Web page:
Akin Ogundiran, a Chancellor’s Professor and professor of Africana Studies, Anthropology and History, is the 2021 recipient of the First Citizens Bank Scholars Medal, UNC Charlotte’s most prestigious faculty award, in recognition of excellence in research. He was honored at a special Zoom ceremony on March 18.
Ogundiran is a renowned archaeologist and transdisciplinary scholar-teacher who has consistently used diverse research methods in the humanities, social sciences and physical sciences to study African and African Diaspora history, with an emphasis on the Yoruba civilization.
“Dr. Ogundiran is an agenda-setting scholar whose scholarship has profoundly transformed the study of African history,” said Rowland Abiodun, John C. Newton Professor of Art History and Black Studies at Amherst College. “I do not know of too many scholars of Black Studies anywhere whose work on African history has been as influential as [his].”
Nancy Gutierrez, dean of the College of Liberal Arts & Sciences at UNC Charlotte, said, “Dr. Ogundiran has an outstanding record of teaching and mentoring both undergraduate and graduate students here at UNC Charlotte. He is committed to student success and always finds a way to integrate his students into his research projects, allowing them to gain invaluable experiences and skills.”
His research has been funded by the Carnegie Foundation, Dumbarton Oaks, Social Science Research Council, Wenner-Gren Foundation for Anthropological Research, National Endowment for the Humanities, National Geographic Society, American Institute of Archaeology and American Philosophical Society.
“Dr. Ogundiran has contributed cutting-edge research that changed and broadened our understanding of African archaeology and history and African Diaspora Studies. His scholarship has a high impact on scholars, students and the general public,” said Julia Jordan-Zachery, professor and chair of the Africana Studies Department at UNC Charlotte.
In addition to his roles at the University, Ogundiran is editor-in-chief of the African Archaeological Review and a visiting professor of archaeology and anthropology (pro bono) at the University of Ibadan in Nigeria. In the local community, Ogundiran has collaborated with several organizations, including the Harvey B. Gantt Center for African American Arts + Culture and the Mint Museum. Adding to his accomplishments, he has consulted for the World Bank, U.S. Department of Homeland Security and U.S. Congressional Offices on archaeological heritage and cultural policy issues.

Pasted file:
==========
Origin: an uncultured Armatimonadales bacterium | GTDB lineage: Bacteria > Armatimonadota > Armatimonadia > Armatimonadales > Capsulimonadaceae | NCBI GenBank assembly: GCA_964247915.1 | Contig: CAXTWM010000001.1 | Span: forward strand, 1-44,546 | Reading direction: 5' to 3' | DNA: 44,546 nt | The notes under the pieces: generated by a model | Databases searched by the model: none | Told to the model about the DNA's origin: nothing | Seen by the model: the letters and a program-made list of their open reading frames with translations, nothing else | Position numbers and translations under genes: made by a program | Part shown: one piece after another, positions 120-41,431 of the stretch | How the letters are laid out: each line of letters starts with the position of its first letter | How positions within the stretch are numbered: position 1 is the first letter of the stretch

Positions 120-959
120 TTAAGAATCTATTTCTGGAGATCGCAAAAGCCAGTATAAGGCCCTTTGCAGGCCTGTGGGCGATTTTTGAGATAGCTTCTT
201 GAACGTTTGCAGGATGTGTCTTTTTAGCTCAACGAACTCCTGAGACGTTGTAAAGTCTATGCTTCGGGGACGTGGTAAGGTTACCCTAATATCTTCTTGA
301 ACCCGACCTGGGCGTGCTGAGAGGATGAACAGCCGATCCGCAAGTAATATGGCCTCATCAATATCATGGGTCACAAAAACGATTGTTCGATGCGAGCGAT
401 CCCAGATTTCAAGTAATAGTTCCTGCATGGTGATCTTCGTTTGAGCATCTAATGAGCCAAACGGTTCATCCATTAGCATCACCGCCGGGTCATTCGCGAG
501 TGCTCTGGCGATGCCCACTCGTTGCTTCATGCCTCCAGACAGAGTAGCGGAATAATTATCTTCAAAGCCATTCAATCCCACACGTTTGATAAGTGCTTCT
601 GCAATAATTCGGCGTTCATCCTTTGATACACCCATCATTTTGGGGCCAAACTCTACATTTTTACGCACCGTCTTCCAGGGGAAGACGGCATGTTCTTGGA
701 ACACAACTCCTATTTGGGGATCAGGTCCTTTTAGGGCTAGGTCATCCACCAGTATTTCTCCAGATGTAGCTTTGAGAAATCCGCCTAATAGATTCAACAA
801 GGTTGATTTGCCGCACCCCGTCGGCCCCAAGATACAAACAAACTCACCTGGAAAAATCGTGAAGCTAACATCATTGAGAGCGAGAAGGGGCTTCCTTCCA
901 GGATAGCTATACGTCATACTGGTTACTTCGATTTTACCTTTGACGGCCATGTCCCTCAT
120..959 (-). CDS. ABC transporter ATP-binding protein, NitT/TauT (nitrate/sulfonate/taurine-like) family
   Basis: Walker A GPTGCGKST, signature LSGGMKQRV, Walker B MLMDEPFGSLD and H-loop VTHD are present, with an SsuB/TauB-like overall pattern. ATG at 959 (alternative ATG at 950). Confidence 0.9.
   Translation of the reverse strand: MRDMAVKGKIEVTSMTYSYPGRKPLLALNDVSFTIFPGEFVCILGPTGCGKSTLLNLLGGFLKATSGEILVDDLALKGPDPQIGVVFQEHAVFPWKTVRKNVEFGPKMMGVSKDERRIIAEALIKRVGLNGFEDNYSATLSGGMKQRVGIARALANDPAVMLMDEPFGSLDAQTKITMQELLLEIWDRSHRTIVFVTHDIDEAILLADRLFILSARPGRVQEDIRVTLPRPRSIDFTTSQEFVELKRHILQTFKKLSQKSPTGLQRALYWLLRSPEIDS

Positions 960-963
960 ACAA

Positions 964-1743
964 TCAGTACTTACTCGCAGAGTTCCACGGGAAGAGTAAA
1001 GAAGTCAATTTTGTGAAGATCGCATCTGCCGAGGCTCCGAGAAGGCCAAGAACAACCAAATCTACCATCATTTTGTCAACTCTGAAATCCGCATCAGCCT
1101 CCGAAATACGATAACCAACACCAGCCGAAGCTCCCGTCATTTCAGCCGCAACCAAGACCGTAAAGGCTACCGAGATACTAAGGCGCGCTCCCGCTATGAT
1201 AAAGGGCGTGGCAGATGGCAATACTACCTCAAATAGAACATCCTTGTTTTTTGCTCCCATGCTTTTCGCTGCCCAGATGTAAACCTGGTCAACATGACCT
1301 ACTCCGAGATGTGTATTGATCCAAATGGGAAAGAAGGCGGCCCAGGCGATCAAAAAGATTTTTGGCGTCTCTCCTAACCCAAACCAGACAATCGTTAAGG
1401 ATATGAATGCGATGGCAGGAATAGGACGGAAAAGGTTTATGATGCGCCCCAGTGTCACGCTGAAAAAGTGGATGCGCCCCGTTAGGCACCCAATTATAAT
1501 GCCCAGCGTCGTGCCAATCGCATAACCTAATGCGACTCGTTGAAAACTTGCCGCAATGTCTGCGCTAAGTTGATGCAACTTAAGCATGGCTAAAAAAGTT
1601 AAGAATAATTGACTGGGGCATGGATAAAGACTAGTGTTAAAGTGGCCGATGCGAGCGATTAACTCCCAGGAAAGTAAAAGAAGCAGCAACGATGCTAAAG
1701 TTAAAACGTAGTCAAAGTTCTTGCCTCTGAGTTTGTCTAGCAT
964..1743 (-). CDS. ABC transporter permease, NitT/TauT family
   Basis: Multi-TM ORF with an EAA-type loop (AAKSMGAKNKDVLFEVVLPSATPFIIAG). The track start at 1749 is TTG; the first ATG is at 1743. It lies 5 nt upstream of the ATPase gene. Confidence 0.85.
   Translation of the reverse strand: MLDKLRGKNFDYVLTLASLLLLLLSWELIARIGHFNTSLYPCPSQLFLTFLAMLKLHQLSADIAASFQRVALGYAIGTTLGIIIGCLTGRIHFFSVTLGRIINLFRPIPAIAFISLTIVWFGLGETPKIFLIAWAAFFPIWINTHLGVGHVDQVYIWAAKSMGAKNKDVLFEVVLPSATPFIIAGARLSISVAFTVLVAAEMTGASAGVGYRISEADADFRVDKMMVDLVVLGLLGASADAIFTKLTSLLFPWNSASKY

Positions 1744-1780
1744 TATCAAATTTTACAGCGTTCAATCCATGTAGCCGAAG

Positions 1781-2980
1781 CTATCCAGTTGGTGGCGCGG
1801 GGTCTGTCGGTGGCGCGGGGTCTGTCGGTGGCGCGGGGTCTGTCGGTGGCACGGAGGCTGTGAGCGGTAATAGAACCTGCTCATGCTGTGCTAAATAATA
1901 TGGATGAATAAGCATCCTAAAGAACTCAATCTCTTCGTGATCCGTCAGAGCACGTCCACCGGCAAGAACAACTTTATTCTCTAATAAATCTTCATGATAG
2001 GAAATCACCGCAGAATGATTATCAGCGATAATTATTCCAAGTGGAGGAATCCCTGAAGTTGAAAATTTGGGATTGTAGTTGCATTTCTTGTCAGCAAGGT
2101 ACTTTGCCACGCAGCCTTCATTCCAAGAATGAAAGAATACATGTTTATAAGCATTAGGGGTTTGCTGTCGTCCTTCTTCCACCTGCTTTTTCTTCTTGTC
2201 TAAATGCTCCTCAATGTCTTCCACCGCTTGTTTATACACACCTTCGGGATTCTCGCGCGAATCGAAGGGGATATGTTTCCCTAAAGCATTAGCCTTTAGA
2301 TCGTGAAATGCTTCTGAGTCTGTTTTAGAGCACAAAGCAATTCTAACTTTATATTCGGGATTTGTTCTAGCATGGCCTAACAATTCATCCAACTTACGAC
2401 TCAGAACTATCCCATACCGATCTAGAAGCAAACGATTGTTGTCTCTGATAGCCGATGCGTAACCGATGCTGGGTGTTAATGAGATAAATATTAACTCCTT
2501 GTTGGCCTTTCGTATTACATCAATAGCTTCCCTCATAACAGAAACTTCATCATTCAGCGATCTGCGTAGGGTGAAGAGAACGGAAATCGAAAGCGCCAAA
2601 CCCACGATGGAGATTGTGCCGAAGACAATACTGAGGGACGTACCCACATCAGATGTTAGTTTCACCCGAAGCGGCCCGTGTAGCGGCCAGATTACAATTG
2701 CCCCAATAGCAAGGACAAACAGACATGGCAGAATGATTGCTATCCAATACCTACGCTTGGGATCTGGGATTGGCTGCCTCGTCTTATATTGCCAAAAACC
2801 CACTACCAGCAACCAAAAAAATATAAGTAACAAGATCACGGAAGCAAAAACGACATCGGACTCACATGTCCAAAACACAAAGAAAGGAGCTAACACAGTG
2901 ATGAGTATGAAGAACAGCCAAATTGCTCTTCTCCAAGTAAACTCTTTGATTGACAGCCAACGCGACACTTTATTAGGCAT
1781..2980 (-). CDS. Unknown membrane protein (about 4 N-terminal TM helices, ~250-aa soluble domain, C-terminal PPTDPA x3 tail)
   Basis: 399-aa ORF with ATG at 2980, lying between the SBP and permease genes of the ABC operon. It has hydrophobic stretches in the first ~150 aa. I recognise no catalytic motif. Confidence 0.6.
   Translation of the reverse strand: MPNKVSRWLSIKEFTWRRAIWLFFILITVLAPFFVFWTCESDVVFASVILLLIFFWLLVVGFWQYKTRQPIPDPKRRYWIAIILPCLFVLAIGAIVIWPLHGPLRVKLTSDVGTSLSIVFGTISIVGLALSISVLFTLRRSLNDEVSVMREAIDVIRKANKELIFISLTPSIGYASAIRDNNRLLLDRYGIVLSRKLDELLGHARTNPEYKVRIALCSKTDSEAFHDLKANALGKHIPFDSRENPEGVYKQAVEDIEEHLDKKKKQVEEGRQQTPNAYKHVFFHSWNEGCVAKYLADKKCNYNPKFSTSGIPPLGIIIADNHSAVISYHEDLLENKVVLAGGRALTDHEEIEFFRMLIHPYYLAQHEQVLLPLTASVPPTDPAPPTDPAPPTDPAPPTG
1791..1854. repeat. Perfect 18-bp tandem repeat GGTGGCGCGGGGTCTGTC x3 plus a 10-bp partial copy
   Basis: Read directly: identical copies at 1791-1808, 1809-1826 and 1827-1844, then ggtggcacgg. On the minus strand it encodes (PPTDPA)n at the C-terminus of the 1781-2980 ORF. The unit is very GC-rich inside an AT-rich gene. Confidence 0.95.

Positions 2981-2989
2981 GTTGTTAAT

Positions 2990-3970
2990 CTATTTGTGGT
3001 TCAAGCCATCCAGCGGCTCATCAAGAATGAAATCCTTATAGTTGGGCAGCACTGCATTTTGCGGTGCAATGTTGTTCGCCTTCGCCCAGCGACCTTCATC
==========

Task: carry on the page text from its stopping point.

“Dr. Ogundiran is a top-notch scholar whose research contributions over the arc of his career have been unflaggingly insightful, richly contextualized and uniquely enhanced by his commitment to transdisciplinary inquiry,” said Ann B. Stahl, professor and Distinguished Lansdowne Fellow at the University of Victoria. “He is adept at combining critical reflection on epistemology with a discussion of grounded examples that make his arguments accessible to audiences of varied disciplinary backgrounds.”
Ogundiran earned a Ph.D. in Archaeological Studies from Boston University; he completed a master’s degree from the University of Ibadan and a bachelor’s degree from Obafemi Awolowo University, both in Nigeria.
The First Citizens Bank Scholars Medal shines a spotlight on the University and the accomplishments of its faculty and their impact in the local community, throughout the state, across the country and around the world.
“It’s a great privilege for us to recognize Dr. Ogundiran for the immense contributions his research is having within the fields of Africana studies, anthropology and history,” said Kristi Stevenson, senior vice president and manager of retail banking at First Citizens Bank. “His scholarship is truly impacting and influencing scholars, students and the community.”
Past recipients of this award have influenced scholarship in many disciplines, including history and sociology, art and education, biology, psychology, anthropology, engineering and political science.